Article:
Biodiversity

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Biodiversity
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What is Biodiversity?

Biodiversity is basically a big word for all things nature. It was formed by merging together the two words ‘biological’ and ‘diversity’. It simply means the enormous variety of life on our planet. From the tiniest bacteria to the largest elephant...if it’s alive it’s part of biodiversity! Here is Scoil San Treasa, we like to look at the world around us. Take a look at some of the ways in which we do so!

Dry Grassland Habitat
During one of his recent workshop days in our school, Patrick Hunt (horticulturist - Heritage in Schools Scheme) drew attention to the 'amazing resource' that we have in the range of plants growing at the rear of the school near the outdoor classroom. He explained that what the school has there is 'a dry grassland habitat'  the likes of which is not often seen.  He continued...'The plants we found include the bee orchid in abundance (which is extremely rare), hawkbits, knapweed, birdsfoot trefoil, cinquefoil, ox-eye daisy, cowslips, black medick, clovers and yarrow. If you look along the hedge in a few spots the grass has not been cut, you will see that there is an abundance of ox-eye daisies'. We are currently giving some thought as to how we might manage at least part of this area to allow the wildflowers to grow in abundance.  This may involve allowing sections of the grassy areas to grow right throughout the summer.  Access strips could be created by simply mowing paths through the meadow.  In Autumn, the grassy areas could be cut back completely to the ground and all the cut plant material could be removed once the plants have dropped their seeds. Routine mowing could follow from then until February or thereabouts when the wildflowers would again be given a chance to grow. Such an approach would afford us an opportunity to enjoy and study plants and butterflies...it would also add a nice burst of colour to the general area.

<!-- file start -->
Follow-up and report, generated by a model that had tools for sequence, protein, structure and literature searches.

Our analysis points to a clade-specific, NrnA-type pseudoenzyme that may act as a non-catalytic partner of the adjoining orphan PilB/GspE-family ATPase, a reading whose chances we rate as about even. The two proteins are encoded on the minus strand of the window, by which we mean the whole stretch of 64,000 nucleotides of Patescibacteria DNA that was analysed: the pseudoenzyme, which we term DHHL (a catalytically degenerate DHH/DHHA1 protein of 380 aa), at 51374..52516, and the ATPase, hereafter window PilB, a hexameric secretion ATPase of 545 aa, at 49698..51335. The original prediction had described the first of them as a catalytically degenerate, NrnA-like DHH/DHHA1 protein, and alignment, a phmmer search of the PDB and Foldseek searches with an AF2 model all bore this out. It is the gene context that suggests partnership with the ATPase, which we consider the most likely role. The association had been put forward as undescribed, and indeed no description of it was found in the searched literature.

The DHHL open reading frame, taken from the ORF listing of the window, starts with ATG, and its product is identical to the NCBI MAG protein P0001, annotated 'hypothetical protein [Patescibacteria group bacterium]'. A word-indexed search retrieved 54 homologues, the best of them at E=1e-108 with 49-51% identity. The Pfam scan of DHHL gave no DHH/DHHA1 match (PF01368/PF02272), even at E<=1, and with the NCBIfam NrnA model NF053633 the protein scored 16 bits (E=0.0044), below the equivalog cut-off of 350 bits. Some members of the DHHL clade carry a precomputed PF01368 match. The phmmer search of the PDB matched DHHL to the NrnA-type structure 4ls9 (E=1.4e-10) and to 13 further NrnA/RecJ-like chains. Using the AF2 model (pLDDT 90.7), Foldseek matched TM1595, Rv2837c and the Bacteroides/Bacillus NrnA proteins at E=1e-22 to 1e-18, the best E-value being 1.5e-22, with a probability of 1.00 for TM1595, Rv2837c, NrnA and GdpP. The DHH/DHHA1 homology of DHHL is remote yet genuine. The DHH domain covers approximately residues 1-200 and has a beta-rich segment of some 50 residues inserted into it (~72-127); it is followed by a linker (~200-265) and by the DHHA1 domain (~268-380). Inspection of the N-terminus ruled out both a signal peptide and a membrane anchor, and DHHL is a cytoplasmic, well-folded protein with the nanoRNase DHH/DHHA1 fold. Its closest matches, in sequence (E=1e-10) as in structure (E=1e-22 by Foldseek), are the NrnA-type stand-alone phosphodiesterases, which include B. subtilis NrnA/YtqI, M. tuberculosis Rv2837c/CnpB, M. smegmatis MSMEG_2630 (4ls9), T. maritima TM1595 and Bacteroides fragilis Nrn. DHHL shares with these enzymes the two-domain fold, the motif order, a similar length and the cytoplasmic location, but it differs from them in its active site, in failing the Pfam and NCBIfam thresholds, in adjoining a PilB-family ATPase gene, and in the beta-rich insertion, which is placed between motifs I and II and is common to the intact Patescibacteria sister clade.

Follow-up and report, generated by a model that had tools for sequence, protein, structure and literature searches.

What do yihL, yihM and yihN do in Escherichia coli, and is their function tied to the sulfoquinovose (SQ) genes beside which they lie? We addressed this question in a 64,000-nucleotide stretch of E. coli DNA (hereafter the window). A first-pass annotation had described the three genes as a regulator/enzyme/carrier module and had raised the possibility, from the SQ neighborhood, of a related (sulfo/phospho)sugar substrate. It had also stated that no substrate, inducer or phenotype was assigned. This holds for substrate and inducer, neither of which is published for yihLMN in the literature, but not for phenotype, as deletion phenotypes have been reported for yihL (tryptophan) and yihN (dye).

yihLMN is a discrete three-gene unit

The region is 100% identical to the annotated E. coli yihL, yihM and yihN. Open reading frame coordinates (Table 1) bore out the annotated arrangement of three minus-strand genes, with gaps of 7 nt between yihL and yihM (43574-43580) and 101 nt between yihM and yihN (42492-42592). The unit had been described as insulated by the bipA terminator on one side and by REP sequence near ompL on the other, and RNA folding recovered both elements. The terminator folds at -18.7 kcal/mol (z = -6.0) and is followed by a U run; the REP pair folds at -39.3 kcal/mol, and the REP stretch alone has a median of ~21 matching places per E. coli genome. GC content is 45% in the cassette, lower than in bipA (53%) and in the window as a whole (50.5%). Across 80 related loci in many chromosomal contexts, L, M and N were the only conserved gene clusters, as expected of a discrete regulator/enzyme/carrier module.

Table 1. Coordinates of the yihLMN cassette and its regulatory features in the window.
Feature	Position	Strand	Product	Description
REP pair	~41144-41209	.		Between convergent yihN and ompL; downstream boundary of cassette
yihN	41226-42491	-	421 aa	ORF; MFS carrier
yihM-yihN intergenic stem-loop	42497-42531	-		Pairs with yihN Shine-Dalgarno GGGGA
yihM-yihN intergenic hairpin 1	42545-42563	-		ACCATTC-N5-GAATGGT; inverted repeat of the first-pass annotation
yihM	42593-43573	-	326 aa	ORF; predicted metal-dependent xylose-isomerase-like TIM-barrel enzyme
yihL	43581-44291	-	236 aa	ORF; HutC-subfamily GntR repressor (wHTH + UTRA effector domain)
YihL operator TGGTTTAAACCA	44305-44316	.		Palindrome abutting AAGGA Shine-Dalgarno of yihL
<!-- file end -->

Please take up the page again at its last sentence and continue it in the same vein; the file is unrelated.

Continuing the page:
And if you notice a large grassy area that is unmown, it may well reflect deliberate restraint on our part as we focus on and enjoy the biodiversity that is at hand! 

Our School Garden

We take great pride in our school garden. Not only are we planting and caring for our crops, we use our garden as a super learning tool. Having a garden teaches our students and involves them in, growing, caring for, and harvesting plants. We also have a special section for wildflowers, we learn each year the importance of wildflowers for the bees in our area. More native flowers in our landscape mean more pollinators and other insects. More flowers mean more fruits and seeds and therefore more birds and mammals.

The Outdoor Classroom

What better place to learn about nature than the outdoors! Learning outdoors gives us the opportunity to move our bodies, use our imaginations and work in teams in a wide open space. Every week, each class heads out to use their time in the outdoor classroom. The time spent here can range from exploring the strands of the S.E.S.E curriculum, engaging in environmental art-making, connecting mathematical concepts to the real world or simply reading amongst the trees. We are very lucky to have our wooden benches and whiteboard to facilitate lessons such as these.